Metrics in the pipeline
We are constantly evaluating new ways to measure users’ true mobile experience and frequently report on our findings as these metrics progress through the development stage. In time, we aim to include these in our reports as standard. Here are a few:
Peak Speed – The fastest experienced speed
Peak speed measures the fastest experienced speeds OpenSignal users experience on real-world networks. For this metric, we disregard technical or congestion limitations, focus on the most optimized connections in our measurements and simply report on what the peak speeds in real-world live networks are for real users. This is different to the best-case speeds measured in idealized conditions that users themselves can never achieve.
To calculate these peak speeds, we extract data on the speed tests our users experience and analyse the fastest ones. For a more practical grasp, read our case studies on peak speeds in the UK and India.
Place Coverage – The new way to look at coverage
While 4G availability takes into account when our users are able to latch onto an LTE signal, place coverage focuses on where. Place coverage measures the percentage of locations where people have LTE connections available to them. Together these two metrics are a powerful way to understand the real coverage that our users experience, uniquely combining time on the network and the places that matter to people – where they live, work and travel.
Rather than using mathematical models and estimating where operators have coverage, OpenSignal’s place coverage metric is grounded in a person-centric approach and uses real-world measurements wherever people go, in urban and rural areas, indoors and outdoors.
Our upload speed metric measures the average upload speeds for each operator on LTE connections. Just as with our download speed metrics, 4G upload speed is measured in Mbps and reflects the average uplink speeds our users experience over the course of the data collection period.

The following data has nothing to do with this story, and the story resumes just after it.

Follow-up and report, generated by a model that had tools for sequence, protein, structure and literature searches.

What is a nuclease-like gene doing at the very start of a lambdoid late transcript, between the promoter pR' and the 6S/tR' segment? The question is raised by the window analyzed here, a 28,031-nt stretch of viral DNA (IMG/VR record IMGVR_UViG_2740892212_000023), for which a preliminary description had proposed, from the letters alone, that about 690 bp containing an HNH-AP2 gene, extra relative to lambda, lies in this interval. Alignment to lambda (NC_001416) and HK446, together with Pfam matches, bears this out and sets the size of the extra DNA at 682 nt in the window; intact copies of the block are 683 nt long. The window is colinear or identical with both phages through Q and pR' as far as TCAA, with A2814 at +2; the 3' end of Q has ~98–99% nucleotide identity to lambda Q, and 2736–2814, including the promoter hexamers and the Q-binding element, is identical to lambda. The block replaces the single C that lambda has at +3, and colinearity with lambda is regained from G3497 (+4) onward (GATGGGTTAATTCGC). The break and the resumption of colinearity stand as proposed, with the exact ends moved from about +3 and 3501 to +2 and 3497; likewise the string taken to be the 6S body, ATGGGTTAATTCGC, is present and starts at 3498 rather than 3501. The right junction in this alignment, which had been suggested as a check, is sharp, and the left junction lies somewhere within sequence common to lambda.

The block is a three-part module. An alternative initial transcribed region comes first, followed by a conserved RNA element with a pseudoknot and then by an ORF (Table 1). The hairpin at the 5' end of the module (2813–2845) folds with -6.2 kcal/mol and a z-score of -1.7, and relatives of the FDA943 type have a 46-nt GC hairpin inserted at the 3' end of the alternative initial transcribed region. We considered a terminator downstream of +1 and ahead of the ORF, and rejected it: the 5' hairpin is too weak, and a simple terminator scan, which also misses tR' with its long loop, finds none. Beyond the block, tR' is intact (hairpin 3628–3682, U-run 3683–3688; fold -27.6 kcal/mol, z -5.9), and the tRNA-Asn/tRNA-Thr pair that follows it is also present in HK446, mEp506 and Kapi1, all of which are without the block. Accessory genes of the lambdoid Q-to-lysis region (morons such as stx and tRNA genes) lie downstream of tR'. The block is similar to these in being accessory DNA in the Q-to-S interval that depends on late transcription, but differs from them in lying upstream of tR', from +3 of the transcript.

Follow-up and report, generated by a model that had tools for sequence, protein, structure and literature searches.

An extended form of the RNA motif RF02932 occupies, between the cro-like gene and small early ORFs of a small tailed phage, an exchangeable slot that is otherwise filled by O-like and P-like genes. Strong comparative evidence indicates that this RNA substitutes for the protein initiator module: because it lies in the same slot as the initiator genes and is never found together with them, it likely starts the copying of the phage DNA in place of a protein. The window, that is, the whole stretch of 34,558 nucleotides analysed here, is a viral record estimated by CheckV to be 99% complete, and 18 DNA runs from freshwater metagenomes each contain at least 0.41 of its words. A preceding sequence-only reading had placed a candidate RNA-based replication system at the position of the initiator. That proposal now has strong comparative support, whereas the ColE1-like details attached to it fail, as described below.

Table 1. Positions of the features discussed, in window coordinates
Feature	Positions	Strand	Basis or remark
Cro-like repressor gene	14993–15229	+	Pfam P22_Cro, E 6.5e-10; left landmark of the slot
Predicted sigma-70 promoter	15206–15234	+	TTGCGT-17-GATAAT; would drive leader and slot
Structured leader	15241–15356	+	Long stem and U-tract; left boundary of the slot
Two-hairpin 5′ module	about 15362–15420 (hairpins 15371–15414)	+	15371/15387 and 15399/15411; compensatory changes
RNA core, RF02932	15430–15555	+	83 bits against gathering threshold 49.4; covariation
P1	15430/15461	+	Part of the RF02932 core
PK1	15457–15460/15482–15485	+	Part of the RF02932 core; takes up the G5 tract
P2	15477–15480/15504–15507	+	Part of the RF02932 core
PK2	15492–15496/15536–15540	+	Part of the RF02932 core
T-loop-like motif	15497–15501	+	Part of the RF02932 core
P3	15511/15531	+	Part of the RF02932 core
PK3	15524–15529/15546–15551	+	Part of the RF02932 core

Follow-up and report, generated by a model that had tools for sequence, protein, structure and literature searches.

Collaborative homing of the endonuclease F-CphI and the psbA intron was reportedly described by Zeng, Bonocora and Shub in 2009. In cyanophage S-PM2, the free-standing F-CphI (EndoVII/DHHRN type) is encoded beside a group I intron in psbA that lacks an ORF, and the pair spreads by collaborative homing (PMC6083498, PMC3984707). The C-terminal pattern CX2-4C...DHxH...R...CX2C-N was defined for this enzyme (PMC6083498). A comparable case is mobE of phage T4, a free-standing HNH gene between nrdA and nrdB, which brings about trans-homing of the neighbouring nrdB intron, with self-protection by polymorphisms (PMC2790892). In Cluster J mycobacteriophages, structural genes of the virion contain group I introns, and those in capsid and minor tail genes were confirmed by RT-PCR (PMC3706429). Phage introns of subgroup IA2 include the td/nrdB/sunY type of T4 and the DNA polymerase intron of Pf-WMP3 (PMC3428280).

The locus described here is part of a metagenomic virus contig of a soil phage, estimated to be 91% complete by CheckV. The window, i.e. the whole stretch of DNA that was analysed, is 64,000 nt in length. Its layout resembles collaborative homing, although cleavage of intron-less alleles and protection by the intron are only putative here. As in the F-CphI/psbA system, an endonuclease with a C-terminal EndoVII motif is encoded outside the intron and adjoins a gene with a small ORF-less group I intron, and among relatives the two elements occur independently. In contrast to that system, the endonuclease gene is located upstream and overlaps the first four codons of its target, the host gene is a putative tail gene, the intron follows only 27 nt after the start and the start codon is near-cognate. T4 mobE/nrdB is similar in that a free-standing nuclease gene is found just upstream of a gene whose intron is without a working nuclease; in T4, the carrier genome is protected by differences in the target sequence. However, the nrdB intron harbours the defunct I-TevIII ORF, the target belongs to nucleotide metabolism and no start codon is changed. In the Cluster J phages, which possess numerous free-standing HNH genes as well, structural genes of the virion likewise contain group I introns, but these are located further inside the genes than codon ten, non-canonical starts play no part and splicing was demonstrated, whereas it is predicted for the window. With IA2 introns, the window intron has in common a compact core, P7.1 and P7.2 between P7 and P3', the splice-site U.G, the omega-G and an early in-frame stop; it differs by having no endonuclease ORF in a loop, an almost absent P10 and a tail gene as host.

Typically upload speeds are slower than download speeds, as operators concentrate their resources on providing the best possible download speed for users consuming content on their devices. As mobile internet trends move away from downloading content to creating content and real-time communications services, upload has become vital.
This metric measures the quality of experience for video streaming via a mobile network for 720p HD video based on an International Telecommunication Union (ITU)-vetted algorithm that has widespread acceptance throughout the industry. Taking into account different factors including: picture quality, video loading time and stall rate, the video experience metric scores each operator on a scale from 0 to 100. Here’s how to interpret scores within that scale:
- 83.3 – 100 Excellent: Generally video starts with almost no delay, plays continuously without interruption and renders at 720p HD resolution with optimal bitrate and high quality.
- 66.7 – 83.3 Very Good: Video loads with only a small delay and typically plays without interruptions.
- 50 – 66.7 Good: Typically video loads with a noticeable but not too long delay and is occasionally subject to short playback interruptions.
- 33.3 – 50 Poor: Video loads slowly and prolonged playback interruptions are common.
- 0 – 33.3 Bad: Video loads extremely slowly or stalls frequently for long periods of time.
With video being the single largest category of traffic carried on mobile networks and consumption expected to grow to keep pace with consumer demand, this is an extremely relevant metric. It is another key element in OpenSignal’s ongoing mission to measure the actual consumer experience on mobile networks.
We’re constantly working on new, better and more meaningful ways to measure users’ real-world mobile experience. Stay tuned to our blog for the latest updates and or sign up to receive our newsletter.